upper grammar grades, and an

age tigation should be enlarged, and how when the higher faculties of the mi can it be enlarged except by giving it begin to develop—the best exercise ever new subjects to think about and talk yet used in any school to cultivate clear, about, where new words appear and new logical, consecutive thought must, in sentences

used in expressing the opinion of these uneasy reformers, thought? Therefore, Mr. Chairman, I give place to a mathematical make-shift.

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ure out your purchases. Give the boy a problem and he will take his pencil and figure it out. He ought to study it out in his mind. Algebra seems to be a popular study. A teacher goes to an examination. Instead of solving the problem by arithmetic as he should do he solves it by algebra. The boy in school very frequently solves the problem by algebra when he should solve it by arithmetic. I do not mean to say there should be no principles of algebra or geometry taught in the lower grades, but I maintain this is not the teaching of that branch as a subject. I believe we have enough work to do without this. Of course we can teach these principles where necessary, but teach them in an elementary way and I think the high school work is only a continuation of the primary work, or the work of the ordinary school. Again, I would have no objection whatever to the study of Latin, especially with regard to prefixes and suffixes, but I would call it the study of English. When you come to the formal study of Latin and algebra and geometry it is carrying it too far.

E. W. WILKINSON: I spent some time here a few years ago studying the geological formation of this island and it took me two hours to come up to this point.

If I were coming up here now, I would take the street car, and come up in a few minutes and spend the rest of the time in study.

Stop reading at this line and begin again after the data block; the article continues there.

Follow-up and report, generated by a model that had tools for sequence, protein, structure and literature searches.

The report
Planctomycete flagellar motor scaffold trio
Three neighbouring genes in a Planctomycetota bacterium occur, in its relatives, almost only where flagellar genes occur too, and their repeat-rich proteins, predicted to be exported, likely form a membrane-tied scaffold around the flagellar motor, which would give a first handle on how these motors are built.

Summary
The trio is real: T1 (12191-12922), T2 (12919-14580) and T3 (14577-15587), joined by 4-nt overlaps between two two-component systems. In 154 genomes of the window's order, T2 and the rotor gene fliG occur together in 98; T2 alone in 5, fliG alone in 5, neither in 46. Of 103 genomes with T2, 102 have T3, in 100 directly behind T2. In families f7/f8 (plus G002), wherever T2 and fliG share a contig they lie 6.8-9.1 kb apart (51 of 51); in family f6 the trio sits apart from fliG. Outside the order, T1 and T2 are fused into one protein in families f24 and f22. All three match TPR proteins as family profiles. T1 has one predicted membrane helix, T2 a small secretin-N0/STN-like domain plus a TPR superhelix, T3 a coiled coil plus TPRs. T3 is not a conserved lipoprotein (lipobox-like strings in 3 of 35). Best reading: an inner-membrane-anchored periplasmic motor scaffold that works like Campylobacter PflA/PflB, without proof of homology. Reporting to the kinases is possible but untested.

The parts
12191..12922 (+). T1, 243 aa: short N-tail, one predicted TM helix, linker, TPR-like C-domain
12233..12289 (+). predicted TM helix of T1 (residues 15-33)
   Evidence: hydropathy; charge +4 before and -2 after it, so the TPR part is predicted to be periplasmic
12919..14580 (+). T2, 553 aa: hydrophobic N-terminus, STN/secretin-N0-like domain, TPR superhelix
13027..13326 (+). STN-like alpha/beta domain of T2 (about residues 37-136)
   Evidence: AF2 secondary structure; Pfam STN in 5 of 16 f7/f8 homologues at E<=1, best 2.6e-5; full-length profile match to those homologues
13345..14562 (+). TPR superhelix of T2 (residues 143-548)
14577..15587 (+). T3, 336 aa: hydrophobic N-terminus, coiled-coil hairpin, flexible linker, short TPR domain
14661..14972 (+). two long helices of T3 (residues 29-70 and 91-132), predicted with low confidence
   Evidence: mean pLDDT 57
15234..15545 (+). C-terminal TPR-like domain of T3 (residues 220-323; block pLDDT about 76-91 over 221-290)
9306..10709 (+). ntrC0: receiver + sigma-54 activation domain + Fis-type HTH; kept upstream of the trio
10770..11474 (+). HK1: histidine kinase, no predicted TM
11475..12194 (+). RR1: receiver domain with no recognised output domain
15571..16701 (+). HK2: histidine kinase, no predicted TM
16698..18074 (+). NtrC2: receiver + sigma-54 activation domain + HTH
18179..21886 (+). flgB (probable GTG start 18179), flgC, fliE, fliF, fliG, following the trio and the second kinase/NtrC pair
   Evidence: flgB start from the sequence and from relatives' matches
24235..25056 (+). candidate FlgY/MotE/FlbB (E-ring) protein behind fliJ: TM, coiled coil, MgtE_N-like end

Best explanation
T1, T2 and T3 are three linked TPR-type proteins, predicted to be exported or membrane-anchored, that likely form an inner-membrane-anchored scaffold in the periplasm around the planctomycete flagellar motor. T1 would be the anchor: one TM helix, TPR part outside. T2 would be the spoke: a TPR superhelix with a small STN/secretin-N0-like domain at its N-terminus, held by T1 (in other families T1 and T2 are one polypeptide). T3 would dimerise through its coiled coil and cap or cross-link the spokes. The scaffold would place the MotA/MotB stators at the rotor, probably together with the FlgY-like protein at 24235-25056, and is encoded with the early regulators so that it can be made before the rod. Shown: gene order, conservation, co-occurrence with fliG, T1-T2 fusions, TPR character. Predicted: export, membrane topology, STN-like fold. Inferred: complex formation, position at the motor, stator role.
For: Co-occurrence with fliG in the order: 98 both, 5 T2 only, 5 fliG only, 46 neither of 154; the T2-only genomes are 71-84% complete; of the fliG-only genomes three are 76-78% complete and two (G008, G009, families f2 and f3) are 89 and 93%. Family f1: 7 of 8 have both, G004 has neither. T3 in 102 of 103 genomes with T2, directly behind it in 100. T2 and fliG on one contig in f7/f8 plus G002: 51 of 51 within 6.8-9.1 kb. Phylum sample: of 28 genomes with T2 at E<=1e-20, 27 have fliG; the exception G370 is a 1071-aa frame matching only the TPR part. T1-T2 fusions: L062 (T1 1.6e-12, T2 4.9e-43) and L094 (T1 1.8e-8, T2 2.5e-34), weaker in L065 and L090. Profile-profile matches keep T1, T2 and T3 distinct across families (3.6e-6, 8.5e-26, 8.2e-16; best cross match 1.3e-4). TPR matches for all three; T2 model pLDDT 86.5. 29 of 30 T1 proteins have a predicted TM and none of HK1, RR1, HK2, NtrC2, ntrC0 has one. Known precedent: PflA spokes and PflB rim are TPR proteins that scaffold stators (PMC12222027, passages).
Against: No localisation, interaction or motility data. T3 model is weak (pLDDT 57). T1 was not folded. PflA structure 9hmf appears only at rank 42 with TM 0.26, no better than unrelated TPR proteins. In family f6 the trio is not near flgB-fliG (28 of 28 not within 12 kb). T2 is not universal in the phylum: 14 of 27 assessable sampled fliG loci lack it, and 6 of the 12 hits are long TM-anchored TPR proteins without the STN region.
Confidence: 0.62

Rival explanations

I believe in studying in the lower grades principles leading directly to the high school work.

J. W. JONES: The position which one takes on this question depends largely upon what he has been doing. I take it that the gentleman who has just spoken is either a school examiner or an instructor of teachers. E'u at'on is l'rgely a matter of development, and the measure of one's education is the vocab

ulary in which he expresses himself. There is but little opportunity for the pupil to enlarge his vocabulary by remaining in the same studies for many years. I, at one time, thought that every person could learn the subject of arithmetic. But I have abandoned that notion. I am sure that but few people can become good arithmeticians. Why whole classes should be kept in a routine work in the same subject year after year, using the same words, not being permitted to learn anything new, is more than I can understand. I think it highly important that the child should have access to all avenues of information and to subjects which lead up to one's complete education. I care not whether you call it nature study or high school study, but the fact remains that the more the child has to do with these subjects, the earlier he has to do with them the more familiar will he become with them. It is not necessary for the child to defer on the enlargement of his vocabulary until he enters college. The child of to-day, properly instructed in all of the fields of information, can have a greater variety of words, in which to express his thoughts, also more thoughts, than many of us had when we entered college and at least in some instances possibly when we completed our college course. But this can not be done by working the same field over year after year. New work must be given the child to do where thought is expressed in new words, new language. We have found it absolutely necessary in the education of deaf children in our institution to give them more variety of language in order that they can be educated in other branches. The English language is to them what the German or the French language is to the Englisb.child and I am quite sure that if we should confine our educational work wholly to the words found in the common branches, so-called, we would fall